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The Lead Review

Reach & Rootedness: Steve Reich’s Pulse/Quartet
Helen Cocks , February 1st, 2018 07:33

The great 20th-century composer is also a great 21st-century composer, as we’re reminded on this remarkable new release.

Steve Reich turned 80 in 2016, and continues to be both prolific and high-profile, producing at least one major work a year. He was a pioneer of the minimalist movement in the 1960s and has since seen his work influence the very course of music and become equally cherished by the contemporary classical and the electronic music worlds. In an interview for The Quietus in 2012 Reich spoke of his enthusiasm for drawing on a miscellany of styles, even namechecking Pérotin, a 12th-century musician who was among the first named composers, along with Bartók, Radiohead and Sondheim.

‘Pulse’, the first piece on this new album for Nonesuch, is a confirmation of this reach and rootedness in Reich’s music. The ‘pulse’ is a gently repeating throb of piano and electric bass, while flowing, transparent arpeggios form above the pastoral timbres of strings and woodwind. The effect is clear-eyed, folk-like and deeply, deeply American in the tradition of Ives and Copland’s open fifths and wide blue skies. Reich himself describes the piece as coming from “a deeply contemplative place”.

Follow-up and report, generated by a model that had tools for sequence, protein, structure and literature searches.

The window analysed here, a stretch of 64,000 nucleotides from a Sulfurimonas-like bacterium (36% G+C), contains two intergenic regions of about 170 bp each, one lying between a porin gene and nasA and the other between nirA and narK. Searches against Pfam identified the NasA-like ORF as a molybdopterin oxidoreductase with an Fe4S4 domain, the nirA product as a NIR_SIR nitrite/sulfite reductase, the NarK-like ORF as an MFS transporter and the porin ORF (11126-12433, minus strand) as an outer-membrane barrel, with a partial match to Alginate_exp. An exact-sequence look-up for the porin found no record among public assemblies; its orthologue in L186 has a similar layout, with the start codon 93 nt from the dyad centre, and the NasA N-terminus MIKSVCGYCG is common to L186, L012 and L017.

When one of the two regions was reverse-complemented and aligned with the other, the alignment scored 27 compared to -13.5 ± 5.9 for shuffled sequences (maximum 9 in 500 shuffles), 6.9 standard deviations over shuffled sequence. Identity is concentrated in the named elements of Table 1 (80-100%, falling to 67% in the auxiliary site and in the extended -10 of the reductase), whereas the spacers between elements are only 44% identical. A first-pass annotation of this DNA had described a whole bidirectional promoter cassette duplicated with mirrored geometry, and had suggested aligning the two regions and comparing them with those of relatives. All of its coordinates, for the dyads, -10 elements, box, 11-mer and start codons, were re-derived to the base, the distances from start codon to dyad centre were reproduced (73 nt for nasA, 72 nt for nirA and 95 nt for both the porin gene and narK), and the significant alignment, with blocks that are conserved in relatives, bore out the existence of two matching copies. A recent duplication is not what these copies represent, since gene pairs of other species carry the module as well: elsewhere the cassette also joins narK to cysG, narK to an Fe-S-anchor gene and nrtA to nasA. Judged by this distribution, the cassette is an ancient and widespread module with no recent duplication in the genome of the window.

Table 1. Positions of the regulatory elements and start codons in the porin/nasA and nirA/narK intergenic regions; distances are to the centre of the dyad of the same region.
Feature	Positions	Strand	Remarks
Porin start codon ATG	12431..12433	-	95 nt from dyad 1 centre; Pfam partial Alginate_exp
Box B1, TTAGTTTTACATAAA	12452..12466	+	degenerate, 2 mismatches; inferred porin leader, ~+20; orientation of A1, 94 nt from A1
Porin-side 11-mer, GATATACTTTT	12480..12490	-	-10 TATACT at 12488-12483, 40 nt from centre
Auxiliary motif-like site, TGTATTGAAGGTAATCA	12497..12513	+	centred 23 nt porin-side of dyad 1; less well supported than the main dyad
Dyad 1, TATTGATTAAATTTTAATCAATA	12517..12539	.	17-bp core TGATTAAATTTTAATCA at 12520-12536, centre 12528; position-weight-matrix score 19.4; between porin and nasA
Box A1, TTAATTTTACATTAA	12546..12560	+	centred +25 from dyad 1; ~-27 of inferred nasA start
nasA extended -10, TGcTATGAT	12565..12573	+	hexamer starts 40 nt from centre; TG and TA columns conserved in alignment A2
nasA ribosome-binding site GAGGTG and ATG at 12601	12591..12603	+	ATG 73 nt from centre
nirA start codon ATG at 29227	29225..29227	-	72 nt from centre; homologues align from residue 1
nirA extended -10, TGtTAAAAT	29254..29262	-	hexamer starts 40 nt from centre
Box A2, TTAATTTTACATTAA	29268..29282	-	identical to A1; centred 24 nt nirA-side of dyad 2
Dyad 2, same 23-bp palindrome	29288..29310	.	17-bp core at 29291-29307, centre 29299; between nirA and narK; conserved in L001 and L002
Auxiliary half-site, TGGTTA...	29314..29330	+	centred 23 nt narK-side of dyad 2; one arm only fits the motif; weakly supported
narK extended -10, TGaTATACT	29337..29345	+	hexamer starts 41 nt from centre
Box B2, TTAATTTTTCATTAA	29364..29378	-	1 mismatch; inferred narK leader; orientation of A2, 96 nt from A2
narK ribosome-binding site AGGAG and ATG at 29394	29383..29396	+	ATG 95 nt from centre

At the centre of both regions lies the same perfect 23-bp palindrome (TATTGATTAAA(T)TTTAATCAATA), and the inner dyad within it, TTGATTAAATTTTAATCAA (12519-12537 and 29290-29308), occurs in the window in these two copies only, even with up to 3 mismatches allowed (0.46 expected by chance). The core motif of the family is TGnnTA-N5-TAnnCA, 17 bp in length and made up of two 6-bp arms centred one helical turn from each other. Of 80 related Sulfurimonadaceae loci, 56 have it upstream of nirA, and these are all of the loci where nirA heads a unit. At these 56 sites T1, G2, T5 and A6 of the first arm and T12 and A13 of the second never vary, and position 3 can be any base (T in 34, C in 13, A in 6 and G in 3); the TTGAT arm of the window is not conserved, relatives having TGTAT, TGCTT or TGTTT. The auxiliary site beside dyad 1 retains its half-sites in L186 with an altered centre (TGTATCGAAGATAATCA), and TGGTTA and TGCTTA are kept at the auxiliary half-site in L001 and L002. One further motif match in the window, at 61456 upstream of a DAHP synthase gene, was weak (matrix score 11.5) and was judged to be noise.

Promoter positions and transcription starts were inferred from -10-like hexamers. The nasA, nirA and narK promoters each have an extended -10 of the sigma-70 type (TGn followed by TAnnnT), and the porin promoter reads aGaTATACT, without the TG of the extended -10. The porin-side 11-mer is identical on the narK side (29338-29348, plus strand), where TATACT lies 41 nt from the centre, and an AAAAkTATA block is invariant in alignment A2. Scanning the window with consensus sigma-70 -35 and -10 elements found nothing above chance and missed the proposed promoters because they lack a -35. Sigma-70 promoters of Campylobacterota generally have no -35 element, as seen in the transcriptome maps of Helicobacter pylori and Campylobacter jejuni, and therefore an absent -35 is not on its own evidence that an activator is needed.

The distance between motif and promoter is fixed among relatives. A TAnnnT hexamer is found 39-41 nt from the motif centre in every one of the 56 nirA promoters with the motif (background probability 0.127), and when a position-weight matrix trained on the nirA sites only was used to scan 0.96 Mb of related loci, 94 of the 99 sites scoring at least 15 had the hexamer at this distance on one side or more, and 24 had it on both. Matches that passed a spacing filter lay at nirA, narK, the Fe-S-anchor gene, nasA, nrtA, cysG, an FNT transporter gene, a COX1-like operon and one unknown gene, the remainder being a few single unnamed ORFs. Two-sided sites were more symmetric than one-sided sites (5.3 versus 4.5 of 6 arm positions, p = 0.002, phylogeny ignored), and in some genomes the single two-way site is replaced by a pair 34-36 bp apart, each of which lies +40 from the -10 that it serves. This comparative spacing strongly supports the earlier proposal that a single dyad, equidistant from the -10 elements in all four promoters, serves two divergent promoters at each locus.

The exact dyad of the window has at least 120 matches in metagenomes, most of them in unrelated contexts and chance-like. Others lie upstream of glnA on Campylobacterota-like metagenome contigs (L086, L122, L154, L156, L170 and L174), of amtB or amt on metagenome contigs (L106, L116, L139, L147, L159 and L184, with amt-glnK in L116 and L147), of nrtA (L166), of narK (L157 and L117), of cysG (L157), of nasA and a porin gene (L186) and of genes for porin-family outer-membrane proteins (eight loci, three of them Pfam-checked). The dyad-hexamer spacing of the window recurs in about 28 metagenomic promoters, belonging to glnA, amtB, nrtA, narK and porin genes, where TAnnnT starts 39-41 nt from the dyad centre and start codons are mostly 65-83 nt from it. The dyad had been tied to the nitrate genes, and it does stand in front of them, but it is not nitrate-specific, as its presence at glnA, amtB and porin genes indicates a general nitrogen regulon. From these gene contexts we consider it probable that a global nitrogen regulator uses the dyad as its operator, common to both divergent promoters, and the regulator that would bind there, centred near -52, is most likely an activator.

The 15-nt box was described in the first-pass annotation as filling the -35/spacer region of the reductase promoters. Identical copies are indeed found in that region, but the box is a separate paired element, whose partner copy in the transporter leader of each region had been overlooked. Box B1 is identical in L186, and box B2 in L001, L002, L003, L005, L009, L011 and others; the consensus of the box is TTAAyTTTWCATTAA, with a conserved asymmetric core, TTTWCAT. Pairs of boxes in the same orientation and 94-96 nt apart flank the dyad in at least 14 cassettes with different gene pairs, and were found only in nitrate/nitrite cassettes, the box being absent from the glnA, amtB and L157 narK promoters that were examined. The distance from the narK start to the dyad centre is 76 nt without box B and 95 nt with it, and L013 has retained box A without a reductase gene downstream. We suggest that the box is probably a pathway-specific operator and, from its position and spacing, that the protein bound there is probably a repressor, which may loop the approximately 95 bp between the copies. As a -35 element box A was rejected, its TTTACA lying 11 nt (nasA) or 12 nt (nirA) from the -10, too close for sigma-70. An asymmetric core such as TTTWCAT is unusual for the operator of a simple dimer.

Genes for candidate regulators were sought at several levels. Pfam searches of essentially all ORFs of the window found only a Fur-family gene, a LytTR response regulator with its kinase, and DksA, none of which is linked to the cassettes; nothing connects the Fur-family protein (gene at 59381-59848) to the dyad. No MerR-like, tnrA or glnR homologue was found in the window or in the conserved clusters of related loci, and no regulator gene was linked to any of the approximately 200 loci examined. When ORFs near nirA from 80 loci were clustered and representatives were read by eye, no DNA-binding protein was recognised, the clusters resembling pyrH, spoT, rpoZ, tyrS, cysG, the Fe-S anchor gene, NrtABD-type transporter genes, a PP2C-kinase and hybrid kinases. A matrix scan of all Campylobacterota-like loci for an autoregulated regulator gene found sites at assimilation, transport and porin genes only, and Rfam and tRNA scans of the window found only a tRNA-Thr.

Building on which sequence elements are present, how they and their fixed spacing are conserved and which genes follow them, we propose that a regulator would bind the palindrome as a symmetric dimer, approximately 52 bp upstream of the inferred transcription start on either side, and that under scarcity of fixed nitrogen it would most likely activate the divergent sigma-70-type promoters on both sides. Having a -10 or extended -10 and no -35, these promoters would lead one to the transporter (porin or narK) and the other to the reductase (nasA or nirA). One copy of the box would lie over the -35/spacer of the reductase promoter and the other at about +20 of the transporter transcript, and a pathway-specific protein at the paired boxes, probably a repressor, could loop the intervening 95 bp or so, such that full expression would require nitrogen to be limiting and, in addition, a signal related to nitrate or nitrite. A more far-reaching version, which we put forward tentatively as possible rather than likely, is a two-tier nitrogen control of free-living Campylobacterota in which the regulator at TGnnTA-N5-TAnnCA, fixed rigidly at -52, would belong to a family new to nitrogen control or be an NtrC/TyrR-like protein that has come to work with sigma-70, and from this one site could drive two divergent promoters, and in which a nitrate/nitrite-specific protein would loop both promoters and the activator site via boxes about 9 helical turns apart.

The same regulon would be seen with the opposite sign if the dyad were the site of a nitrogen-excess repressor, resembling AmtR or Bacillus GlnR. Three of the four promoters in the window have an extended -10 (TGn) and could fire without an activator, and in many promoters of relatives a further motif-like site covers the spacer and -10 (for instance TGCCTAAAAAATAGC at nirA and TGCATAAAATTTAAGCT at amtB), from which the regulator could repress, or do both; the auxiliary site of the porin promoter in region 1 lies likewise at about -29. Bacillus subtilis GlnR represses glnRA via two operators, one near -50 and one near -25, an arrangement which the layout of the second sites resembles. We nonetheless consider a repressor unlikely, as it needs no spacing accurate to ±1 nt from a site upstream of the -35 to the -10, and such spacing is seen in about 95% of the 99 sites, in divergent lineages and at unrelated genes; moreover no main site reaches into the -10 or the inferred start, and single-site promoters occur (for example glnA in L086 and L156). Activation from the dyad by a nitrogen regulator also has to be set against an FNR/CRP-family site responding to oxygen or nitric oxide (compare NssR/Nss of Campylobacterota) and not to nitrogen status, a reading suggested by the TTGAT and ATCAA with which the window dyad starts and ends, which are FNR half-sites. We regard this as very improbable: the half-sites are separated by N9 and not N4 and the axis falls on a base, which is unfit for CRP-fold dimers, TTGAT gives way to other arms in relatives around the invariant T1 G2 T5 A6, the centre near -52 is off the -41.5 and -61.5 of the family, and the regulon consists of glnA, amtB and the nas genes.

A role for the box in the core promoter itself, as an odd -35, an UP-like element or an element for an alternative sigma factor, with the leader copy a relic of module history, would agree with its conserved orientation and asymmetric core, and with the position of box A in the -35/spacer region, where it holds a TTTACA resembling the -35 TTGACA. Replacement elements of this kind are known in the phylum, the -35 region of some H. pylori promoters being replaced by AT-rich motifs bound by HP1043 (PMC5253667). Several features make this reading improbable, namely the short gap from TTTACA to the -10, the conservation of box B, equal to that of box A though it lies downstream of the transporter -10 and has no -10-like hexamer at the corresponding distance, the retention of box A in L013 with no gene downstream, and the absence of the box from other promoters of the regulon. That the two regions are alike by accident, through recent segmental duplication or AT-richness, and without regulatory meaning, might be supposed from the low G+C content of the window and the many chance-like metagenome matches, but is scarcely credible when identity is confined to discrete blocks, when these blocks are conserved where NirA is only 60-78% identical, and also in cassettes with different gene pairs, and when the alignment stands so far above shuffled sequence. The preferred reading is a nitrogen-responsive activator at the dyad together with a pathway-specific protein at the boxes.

The form is traditional too. Although composed in one movement, a hiatus at 2:50 leads from the sunny opening into a more pensive central section, which twines its melody lines in viscous dissonances, before returning to the simplicity of the opening to close.

The playing, by the International Contemporary Ensemble (which premiered ‘Pulse’ at Carnegie Hall in 2016), is stunning. The music’s soaring simplicity blooms with perfect tuning and a cool airiness of sound, uniform across each, vibrato-less instrument.

The opening movement of ‘Quartet’, on the other hand, is more classically Reichesque (after 55 years in the business, he’s earned an adjective). All three movements are scored for Reich’s favoured combination of instruments: two pianos and two vibraphones. The title refers to Reich’s constant returns to these forces throughout his career, making this - for him - as fundamental a chamber ensemble as the more usual string quartet.

Reich has said that the clarity of ‘Pulse’ is in part a response to the complexity of ‘Quartet’, acknowledging that ‘Quartet’’s second movement in particular “introduces harmonies not usually found in my music”. The unusually homophonic chords of this central movement are not always convincing in their mood of exploration, lacking direction both rhythmically and harmonically. The outer movements are more successful, with harmonic intricacy driven forward by Reich’s trademark rhythmic crispness, riffing satisfyingly on a declamatory opening statement. The performance by the Colin Currie Group, which specialises in Reich’s music, brings a wide colour palette. It is by turns robustly theatrical and limpidly delicate.

It's a remarkable record, a reminder of that Reich, unlike many composers of his era, has not become archive material. He continues to speak to the cutting edge of music, to experiment with new compositional directions, to be vital.

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